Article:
So let's wrap this up.
Antipsychotic medications are used to treat a wide range of psychotic disorders
with Schizophrenia being the most common and also the manic phase of bipolar disorder.
Full effect of antipsychotics can take weeks to months for maximum development.
You shouldn't use antipsychotics to treat elderly dementia symptoms.
Remember it can increase the risk of mortality.
Antipsychotics are contraindicated for patients with Parkinson's disease.
We talked about that. Remember, antipsychotics block those dopamine receptors
and Parkinson's patients already struggle with not enough dopamine in their brains.
All antipsychotics are relatively equal in their antipsychotic effect
but they have different side effects.
First generation antipsychotics have an increased risk of EPS including tardive dyskinesia’s.
Second generation have a lower risk of EPS
except they have an equal risk of tardive dyskinesia’s with the first generation.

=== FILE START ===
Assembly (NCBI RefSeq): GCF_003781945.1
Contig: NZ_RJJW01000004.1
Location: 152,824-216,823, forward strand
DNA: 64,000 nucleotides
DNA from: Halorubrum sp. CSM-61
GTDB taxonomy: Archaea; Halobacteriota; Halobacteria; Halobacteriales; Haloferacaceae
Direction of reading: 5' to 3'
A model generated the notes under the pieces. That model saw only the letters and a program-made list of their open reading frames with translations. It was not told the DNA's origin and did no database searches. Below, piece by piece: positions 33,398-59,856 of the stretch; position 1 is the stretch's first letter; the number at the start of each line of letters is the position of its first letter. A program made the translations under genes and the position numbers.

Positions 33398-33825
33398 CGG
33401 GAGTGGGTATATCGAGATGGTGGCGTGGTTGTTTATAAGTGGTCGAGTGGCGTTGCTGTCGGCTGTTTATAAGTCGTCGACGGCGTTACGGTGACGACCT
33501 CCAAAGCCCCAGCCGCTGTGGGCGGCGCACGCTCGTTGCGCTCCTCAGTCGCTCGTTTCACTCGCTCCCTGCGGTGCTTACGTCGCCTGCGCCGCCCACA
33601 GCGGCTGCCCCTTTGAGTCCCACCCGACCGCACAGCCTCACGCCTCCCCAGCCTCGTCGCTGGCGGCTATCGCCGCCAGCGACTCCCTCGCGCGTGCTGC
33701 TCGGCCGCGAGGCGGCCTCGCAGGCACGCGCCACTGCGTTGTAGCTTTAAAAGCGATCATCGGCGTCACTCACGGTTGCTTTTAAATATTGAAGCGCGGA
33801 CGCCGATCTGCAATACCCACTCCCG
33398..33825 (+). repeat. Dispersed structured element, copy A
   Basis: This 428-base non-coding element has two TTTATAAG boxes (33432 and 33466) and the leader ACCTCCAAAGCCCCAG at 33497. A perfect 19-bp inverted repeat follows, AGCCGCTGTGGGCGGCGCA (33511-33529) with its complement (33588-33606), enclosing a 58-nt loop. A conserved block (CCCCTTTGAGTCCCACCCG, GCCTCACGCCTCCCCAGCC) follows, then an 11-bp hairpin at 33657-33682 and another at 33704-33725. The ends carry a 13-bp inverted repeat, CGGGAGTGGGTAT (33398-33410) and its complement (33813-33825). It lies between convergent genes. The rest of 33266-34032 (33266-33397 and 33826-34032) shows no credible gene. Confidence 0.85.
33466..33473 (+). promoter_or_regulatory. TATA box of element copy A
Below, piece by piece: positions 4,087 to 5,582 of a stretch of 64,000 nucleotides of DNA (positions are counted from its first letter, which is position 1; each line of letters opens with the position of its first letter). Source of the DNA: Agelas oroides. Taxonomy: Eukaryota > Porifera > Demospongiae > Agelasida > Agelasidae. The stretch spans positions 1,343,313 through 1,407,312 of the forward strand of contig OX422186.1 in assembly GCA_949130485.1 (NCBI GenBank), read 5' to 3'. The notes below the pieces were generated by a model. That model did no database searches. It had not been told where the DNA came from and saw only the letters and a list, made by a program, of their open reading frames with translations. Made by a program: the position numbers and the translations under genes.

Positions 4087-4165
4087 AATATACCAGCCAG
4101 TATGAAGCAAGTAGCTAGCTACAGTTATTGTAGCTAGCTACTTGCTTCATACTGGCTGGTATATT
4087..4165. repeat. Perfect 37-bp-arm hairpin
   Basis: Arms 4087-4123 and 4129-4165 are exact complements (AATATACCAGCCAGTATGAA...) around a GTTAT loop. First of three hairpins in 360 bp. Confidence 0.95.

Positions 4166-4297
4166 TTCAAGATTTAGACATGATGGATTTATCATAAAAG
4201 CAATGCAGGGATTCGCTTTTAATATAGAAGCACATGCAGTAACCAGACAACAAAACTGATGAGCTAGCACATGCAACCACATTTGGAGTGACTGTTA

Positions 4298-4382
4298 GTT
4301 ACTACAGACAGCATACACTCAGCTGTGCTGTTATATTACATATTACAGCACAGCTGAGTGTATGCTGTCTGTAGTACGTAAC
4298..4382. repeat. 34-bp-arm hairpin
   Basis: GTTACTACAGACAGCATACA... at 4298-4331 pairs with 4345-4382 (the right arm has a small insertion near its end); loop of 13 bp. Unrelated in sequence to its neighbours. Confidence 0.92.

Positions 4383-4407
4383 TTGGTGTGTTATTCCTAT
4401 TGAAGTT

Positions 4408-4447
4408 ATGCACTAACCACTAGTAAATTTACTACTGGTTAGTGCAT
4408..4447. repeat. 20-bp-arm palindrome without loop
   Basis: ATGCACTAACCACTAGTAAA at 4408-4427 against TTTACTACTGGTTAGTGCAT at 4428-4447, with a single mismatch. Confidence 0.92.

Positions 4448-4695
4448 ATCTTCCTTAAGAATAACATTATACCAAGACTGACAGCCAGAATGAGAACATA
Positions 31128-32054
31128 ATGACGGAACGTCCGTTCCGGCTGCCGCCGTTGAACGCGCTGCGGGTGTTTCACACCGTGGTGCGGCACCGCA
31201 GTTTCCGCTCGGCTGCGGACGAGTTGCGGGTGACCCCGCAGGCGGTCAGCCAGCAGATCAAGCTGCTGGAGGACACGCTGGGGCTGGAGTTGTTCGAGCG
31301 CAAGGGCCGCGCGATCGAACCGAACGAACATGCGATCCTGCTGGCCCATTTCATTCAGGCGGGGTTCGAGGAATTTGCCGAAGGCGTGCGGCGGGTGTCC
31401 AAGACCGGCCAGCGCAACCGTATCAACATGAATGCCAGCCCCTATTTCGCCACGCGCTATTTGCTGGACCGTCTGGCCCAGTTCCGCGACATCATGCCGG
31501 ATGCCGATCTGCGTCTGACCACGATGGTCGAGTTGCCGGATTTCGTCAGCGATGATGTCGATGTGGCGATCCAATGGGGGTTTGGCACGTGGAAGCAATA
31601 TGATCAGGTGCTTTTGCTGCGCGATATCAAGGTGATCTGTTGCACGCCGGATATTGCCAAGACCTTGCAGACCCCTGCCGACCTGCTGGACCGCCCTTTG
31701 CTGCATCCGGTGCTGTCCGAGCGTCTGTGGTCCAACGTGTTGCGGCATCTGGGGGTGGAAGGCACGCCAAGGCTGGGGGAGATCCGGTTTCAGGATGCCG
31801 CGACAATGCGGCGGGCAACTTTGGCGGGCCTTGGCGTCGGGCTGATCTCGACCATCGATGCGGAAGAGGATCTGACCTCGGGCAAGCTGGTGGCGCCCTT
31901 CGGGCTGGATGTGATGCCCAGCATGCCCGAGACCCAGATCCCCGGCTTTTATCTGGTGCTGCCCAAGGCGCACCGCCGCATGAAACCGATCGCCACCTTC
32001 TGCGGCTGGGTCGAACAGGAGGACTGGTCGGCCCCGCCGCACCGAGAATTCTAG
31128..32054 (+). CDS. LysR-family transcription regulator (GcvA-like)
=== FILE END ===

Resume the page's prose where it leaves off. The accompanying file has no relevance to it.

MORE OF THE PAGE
First generation antipsychotics have a higher risk of neuroleptic malignant syndrome.
Remember that is potentially life-threatening, patient could die from respiratory failure
or cardiovascular collapse and we treat it with Dantrolene or bromocriptine.
Okay, there's four main types of EPS: dystonia, Parkinsonism, and akathisia.
Those are the ones that develop early.
Tardive dyskinesia’s develop later in treatment.
Acute dystonia can involve severe spasm of the tongue, face, neck, back, or even in oculogyric crisis.
Acute dystonia and Parkinsonism may respond to anticholinergic medications like Benztropine.
Akathisia may respond to benzodiazepines or beta blockers.
Thank you for watching our video today.